FIREWORKS FALLOUT: Bright lights and big noises can leave pets cowering | Lifestyles

It’s two weeks before Independence Day, and fireworks are already popping. That’s bad news for dogs and cats – not to mention for the many people who find the explosions and sparkling lights fear-inducing rather than fun. Take steps now to positively condition your pet to the holiday sounds and help them remain calm. Here’s what you can do.

– Provide positive exposure to sounds. Just exposing your pet to scary sounds such as fireworks can easily backfire. Instead, provide gradual exposure to recordings of fireworks, paired with rewards such as special treats (break out the deli turkey or roast chicken), a favorite game, or a meal.

– Go low and slow. Play the recording at very low volume, perhaps even in another room so that it’s barely audible. (Don’t forget that your dog or cat’s hearing is much more sensitive than your own.) Offer rewards during this time. Gradually increase the sound intensity. You want your pet to stay relaxed and happy. If your pet seems fearful, go back to a volume at which they were comfortable or increase their distance from the noise. Depending on your pet’s level of sensitivity, this process can take days, weeks or months, so be patient.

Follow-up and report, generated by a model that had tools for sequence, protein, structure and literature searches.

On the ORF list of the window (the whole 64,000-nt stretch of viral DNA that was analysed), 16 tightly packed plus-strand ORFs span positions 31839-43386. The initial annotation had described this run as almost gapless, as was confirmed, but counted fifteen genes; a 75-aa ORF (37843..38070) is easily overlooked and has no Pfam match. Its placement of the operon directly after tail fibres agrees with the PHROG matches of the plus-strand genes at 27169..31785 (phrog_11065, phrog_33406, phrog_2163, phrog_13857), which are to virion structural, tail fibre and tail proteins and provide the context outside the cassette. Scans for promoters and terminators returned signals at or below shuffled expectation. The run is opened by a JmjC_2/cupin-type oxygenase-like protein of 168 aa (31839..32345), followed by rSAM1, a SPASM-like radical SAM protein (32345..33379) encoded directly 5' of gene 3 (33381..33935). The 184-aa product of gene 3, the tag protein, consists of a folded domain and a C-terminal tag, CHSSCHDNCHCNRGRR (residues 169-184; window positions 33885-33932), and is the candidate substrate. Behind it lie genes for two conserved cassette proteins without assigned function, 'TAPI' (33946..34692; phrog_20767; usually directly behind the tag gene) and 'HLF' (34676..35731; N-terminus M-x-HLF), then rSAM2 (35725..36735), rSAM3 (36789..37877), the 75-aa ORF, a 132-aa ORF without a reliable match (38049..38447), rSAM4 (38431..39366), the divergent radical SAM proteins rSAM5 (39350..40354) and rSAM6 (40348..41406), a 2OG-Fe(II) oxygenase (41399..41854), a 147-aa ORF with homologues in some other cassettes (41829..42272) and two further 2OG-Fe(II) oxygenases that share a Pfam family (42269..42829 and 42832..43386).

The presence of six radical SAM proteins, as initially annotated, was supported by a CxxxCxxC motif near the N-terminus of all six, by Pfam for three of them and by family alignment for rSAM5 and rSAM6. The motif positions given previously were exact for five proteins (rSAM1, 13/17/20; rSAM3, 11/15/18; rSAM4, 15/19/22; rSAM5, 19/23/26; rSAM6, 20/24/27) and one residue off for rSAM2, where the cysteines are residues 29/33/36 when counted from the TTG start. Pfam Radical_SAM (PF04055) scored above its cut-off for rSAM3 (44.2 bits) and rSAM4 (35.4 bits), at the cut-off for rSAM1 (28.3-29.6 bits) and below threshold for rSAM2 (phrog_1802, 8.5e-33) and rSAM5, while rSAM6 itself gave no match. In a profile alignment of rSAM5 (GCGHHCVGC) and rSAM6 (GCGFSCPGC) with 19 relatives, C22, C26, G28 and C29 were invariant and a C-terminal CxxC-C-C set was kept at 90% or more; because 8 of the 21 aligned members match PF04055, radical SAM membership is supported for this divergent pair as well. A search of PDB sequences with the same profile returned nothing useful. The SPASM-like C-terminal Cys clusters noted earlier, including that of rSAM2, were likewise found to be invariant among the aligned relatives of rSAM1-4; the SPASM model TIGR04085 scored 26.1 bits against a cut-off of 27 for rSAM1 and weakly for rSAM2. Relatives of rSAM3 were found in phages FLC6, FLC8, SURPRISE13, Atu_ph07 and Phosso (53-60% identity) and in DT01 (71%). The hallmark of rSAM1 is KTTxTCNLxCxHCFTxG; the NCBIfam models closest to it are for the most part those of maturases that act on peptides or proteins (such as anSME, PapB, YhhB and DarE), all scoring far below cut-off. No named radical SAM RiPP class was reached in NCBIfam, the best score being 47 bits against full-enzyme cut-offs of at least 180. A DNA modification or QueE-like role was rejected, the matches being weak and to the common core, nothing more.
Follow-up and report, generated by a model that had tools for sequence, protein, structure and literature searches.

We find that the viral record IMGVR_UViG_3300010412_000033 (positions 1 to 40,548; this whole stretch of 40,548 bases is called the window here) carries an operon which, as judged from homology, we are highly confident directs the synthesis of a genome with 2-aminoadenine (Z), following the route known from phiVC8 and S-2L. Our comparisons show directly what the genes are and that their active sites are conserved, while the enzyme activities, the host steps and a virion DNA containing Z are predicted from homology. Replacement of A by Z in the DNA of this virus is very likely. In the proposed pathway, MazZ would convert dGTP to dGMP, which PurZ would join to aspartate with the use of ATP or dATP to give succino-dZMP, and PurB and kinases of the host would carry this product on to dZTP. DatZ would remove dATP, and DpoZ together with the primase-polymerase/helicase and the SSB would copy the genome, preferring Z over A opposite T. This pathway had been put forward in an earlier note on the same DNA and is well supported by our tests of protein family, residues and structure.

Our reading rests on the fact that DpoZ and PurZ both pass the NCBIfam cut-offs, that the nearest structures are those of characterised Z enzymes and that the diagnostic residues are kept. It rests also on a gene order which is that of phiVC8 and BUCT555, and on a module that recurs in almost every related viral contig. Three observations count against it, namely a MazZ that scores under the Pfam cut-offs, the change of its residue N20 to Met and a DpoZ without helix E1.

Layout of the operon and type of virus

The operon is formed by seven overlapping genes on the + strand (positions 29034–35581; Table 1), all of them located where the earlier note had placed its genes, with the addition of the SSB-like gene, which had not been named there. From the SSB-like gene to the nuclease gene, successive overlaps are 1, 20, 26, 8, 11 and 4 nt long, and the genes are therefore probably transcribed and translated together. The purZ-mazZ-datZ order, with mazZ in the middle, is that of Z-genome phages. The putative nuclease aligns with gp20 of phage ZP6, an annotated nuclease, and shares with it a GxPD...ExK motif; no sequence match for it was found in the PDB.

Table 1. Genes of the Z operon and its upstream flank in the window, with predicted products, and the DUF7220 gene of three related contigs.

– Offer a “spaw” room. Depending on the animal, you may not be able to condition your pet to the sound of fireworks in time for this year’s displays. But you can still provide them with a cozy retreat where they can relax away from the sound and sight of fireworks. This can be a small area such as a closet or bathroom without windows, or another room set up with everything they like and need: food, water, a bed, a couple of favorite puzzle toys or chews, and an open crate or “pup “tent for pets who like snug spots. For cats, include a scratching post and litter box. Limit the outside view by closing curtains or blinds. Turn on lights in the room to decrease the contrast of light flashes from fireworks or lightning. Leave doors open so pets can enter and exit freely; you don’t want them to feel trapped. Hang out with pets in this room on a regular basis (not just during fireworks or thunderstorms) and hide food rewards for them to find so they develop pleasant associations with being there.